I want to share another Ramadan tradition that is still alive especially in small cities. As it’s hard for traditions to survive in big cities, they are mostly seen in towns or small cities where people have more intimate relationships. On the other hand, people in big cities are always complaining that they don’t have these old traditions any more. One of theRamadan traditions I love is that neighbors send dishes to each other. And this is mostly the responsibility of the youngest family member. It was mine when I was a child. I remember that mom used to prepare a bowl of the dish of the day for one of our neighbors and tell me to take it to the neighbor. I must admit that I always wonder what our neighbor cooked on that day as she used to empty my bowl and fill it with the dish she cooked and give it in return, which is the second part of this tradition. That’s why I love it, it’s a very good way of sharing. In this way, you have a richer dinner table. And I think the significance of giving this responsibility to children is to teach them sharing. Mom used to decide on another neighbor next day and I used to take the dish to them. I used to walk so fast going and coming back form our neighbor as I didn’t want to miss the time of iftar. And when I heard imam’s voice on the way home, calling for the prayer (which means we can break our fast), I used to start to run! Everything was more exciting those times. But if there is no child in a house, you yourself take the dish to your neighbor. When I talk to mom on the phone these days, she says they still have this tradition in Tarsus, my hometown.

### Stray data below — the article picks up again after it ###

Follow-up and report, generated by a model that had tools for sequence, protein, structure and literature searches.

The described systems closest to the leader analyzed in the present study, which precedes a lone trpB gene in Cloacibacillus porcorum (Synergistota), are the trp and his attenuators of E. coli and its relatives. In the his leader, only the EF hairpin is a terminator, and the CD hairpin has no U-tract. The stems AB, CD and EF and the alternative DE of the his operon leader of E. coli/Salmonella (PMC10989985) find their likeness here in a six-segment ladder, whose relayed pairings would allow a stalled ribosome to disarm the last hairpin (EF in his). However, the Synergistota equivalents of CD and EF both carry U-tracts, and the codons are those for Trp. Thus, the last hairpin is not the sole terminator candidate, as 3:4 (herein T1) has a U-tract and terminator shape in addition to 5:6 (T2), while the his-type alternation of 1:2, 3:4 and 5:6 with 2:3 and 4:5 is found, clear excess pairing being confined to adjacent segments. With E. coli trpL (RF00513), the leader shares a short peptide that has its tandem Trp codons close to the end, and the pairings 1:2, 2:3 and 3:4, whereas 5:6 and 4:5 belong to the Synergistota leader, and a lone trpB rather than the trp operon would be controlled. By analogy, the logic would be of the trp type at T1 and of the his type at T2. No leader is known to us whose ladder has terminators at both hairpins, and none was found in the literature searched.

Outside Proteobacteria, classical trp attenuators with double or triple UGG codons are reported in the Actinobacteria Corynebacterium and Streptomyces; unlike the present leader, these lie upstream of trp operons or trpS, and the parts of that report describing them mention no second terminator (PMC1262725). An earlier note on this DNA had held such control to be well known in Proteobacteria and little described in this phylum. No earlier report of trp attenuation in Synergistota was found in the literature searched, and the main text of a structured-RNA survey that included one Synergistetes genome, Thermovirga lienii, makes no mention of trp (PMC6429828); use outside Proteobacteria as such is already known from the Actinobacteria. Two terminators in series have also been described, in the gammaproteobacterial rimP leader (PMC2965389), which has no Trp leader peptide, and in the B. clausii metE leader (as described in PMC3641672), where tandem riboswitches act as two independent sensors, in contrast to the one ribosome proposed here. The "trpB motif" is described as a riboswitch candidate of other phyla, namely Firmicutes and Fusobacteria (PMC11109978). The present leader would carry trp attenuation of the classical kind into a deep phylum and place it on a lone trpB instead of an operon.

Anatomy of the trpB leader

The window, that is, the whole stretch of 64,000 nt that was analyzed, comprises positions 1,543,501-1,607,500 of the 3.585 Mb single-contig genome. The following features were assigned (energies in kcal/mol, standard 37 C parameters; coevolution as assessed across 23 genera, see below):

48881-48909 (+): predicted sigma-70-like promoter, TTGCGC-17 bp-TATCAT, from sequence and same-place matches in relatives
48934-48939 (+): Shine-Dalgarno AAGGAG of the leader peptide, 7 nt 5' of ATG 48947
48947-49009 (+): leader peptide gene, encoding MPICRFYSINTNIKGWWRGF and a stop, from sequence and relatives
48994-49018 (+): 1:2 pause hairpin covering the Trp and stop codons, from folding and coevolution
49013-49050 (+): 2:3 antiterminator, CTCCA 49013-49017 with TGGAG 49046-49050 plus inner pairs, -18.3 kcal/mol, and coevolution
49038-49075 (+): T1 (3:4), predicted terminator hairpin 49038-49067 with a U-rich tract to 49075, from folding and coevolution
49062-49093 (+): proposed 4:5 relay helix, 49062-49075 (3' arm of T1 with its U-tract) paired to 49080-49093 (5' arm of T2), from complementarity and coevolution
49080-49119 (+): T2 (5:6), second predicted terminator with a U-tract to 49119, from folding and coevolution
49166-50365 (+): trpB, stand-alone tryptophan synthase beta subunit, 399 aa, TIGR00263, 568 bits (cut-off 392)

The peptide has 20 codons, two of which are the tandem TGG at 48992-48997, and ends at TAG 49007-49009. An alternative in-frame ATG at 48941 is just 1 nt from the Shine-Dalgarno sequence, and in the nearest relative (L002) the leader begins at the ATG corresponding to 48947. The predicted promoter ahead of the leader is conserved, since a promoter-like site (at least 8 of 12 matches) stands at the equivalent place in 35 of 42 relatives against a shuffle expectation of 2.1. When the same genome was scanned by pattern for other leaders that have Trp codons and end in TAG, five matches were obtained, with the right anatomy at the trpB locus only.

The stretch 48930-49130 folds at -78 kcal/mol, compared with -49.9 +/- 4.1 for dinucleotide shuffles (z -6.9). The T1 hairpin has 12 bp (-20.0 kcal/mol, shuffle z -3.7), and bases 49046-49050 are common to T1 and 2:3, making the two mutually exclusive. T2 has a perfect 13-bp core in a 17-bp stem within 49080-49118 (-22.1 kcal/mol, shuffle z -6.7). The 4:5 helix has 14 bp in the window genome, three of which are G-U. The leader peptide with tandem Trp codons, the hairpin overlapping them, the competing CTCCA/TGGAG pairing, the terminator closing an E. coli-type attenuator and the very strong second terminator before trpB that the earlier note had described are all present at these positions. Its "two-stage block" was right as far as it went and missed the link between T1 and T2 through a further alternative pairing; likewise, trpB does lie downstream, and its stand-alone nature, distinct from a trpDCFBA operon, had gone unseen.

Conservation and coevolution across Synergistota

After breaking their fast, peole generally start their meal with a soup to warm their empty stomach. It also has a control on your appetite. When you start with a soup, as it removes the feeling of hunger, you eat enough from the other dishes. You always want to eat more if you don’t have a warm soup at the beginning. Among the soups I learnt from mom, red lentil soup is my favorite. Our negihbors used to love it, too. One bowl was never enough for them, so mom used to send them a small pot full of this soup. This is a traditional Turkish soup and you may find it at every Turkish restaurant at any time. Its cooking style may change although the ingredients are mostly the same. Here is mom’s style red lentil soup.
Spicy red lentil soup with potato, onion and carrot flavors.
10 minPrep Time
35 minCook Time
45 minTotal Time
- 1 medium sized onion, diced
- 1 medium sized carrot, finely chopped
- 1 medium potato, finely chopped
- 1 cup red lentil
- 6 cups water
- 1 tsp red pepper flakes
- 1 tsp cumin
- 1 tsp black pepper
- 1 tbsp dried mint
- Salt to taste
- 2 tbsp olive oil
- 1 tbsp flour
- 1 1/2 tbsp butter
- Heat olive oil in a pot. Saute onion, then add carrot and potatoes. Stir occasionally.
- Wash red lentil, drain and add it to the pot. Saute it for 3 minutes. Keep stirring. Pour 6 cups water, add the spices and salt and boil it until the vegetables and lentils get soft enough. If they can easily be mashed when you press with a spoon, it’s done. It takes about 30 minutes over medium heat. Do not cover the pot during this time as it can rise and overflow.
- In a small pan, melt the butter. Add flour and mix it continually. When it becomes creamy, pour it into the pot with lentils.
- To have a smooth soup, mash everything in the pot using a blender. Then put the pot back on the fire and boil it for 5 minutes. It’s ready to warm your stomach now.
- Traditionally, this soup is always served with lemon wedges. When you squeeze it on your soup, its taste is completed. To have the utmost pleasure, I always sprinkle extra red pepper flakes and dried mint on my soup.